In the mid 1950s, Rockabilly emerged as a distinct country music sub-genre. Mixing rhythm and blues with country and western swing, it emerged in the 1950s with artists like Carl Perkins, Johnny Cash and a Norfolk native named Gene Vincent. Born in 1935, Vincent grew up listening to country music. However, after a move to rural Munden Point, Virginia, he was exposed to blues, and gospel music from the African American community that frequented his parent’s general store. Upon returning to Norfolk, Vincent began singing in local venues and made his debut on a talent show sponsored by WCMS Radio entitled Country Showtime in 1956. That performance caught the attention of WCMS station Manager “Tex Davis” who along with other WCMS staff members, arranged a band to back Vincent in a recording called “Be-Bop- a Lula.” The song was recorded at the WCMS studios and sent to Capitol Records. Within a few months, Vincent and his “Blue Caps” band were in Nashville recording with some of country music’s great backing musicians at legendary producer Owen Bradley’s studio.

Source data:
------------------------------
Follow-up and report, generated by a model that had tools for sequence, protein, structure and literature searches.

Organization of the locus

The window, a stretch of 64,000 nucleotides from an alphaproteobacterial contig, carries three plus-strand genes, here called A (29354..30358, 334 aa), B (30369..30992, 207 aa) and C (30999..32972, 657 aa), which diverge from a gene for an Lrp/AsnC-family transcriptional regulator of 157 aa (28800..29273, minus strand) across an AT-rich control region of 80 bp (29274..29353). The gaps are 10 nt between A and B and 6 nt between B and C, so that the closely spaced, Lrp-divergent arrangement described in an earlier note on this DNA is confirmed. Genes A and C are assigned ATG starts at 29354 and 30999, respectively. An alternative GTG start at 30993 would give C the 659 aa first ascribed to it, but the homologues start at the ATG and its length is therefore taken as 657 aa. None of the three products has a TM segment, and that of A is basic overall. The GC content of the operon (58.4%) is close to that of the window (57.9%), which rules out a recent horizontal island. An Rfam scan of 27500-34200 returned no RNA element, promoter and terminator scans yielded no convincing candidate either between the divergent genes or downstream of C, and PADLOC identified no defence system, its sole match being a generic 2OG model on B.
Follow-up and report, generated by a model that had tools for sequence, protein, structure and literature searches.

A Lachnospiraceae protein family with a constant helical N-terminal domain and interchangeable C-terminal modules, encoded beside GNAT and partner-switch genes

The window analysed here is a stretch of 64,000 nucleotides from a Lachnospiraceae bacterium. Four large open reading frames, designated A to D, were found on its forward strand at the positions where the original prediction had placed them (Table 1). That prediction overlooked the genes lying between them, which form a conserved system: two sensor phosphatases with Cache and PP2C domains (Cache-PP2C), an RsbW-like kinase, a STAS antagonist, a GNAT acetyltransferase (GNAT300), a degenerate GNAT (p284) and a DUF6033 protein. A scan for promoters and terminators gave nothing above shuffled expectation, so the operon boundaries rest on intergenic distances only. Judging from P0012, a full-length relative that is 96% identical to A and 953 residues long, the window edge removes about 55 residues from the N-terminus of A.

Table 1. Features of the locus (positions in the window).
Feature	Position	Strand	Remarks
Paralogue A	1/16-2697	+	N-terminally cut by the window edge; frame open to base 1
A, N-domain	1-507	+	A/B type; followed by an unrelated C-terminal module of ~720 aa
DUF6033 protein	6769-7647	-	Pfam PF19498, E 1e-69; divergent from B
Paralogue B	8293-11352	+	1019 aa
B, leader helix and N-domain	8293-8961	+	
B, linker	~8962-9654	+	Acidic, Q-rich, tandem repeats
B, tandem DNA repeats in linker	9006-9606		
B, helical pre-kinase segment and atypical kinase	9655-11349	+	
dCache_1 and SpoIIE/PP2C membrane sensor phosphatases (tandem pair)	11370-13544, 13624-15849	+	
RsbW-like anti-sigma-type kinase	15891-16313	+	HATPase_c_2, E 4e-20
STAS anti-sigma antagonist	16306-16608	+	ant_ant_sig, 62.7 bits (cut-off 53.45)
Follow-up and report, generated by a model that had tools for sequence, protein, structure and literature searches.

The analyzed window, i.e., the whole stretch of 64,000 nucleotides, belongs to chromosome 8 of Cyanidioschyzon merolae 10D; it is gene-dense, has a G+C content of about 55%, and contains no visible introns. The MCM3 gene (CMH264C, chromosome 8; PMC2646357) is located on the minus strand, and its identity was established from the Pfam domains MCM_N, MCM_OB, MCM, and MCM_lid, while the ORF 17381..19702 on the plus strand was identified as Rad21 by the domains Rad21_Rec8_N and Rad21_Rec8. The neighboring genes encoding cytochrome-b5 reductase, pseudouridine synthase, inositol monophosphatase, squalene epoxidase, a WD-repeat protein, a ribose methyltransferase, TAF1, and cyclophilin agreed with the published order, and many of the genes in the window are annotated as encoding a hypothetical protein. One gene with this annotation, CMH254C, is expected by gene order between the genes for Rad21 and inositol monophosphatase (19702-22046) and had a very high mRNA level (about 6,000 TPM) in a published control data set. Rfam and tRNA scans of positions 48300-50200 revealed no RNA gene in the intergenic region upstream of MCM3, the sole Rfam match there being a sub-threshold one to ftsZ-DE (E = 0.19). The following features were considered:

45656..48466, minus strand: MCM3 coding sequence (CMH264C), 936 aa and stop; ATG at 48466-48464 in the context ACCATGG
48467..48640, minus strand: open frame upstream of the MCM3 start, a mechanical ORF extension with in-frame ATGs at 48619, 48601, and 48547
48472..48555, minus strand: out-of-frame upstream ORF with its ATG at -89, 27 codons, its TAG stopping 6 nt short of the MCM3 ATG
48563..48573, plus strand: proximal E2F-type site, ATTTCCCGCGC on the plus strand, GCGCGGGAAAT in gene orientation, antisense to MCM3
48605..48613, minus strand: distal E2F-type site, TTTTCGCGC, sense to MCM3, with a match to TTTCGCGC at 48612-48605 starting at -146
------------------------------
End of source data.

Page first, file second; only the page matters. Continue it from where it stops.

"Be-Bop-a- Lula" began racing up the charts amidst the changing nature of country music to rival rock and roll, and Vincent was touted as a rival to Elvis Presley. However, rockabilly soon faded from radio programming in favor of a more pop oriented sound. Vincent became immersed in personal, legal and financial issues with his management team including Tex Davis, and was soon dropped from the label. He toured Europe through the remainder of the 1960s before passing away in 1971 at age 36.

Gene Vincent is well remembered as a pioneer in local country music by being one of the founders of early rockabilly music. And music royalty still list Vincent as one of the greats that ushered in a distinct genre that helped define American music. Artists like Jeff Beck, Brian Seltzer and Dave Edmunds have all paid tribute to Vincent and his defining sound.

Watch Gene Vincent's first appearance on Town Hall Party in 1958 singing his hit "Be-Bop-a- Lula":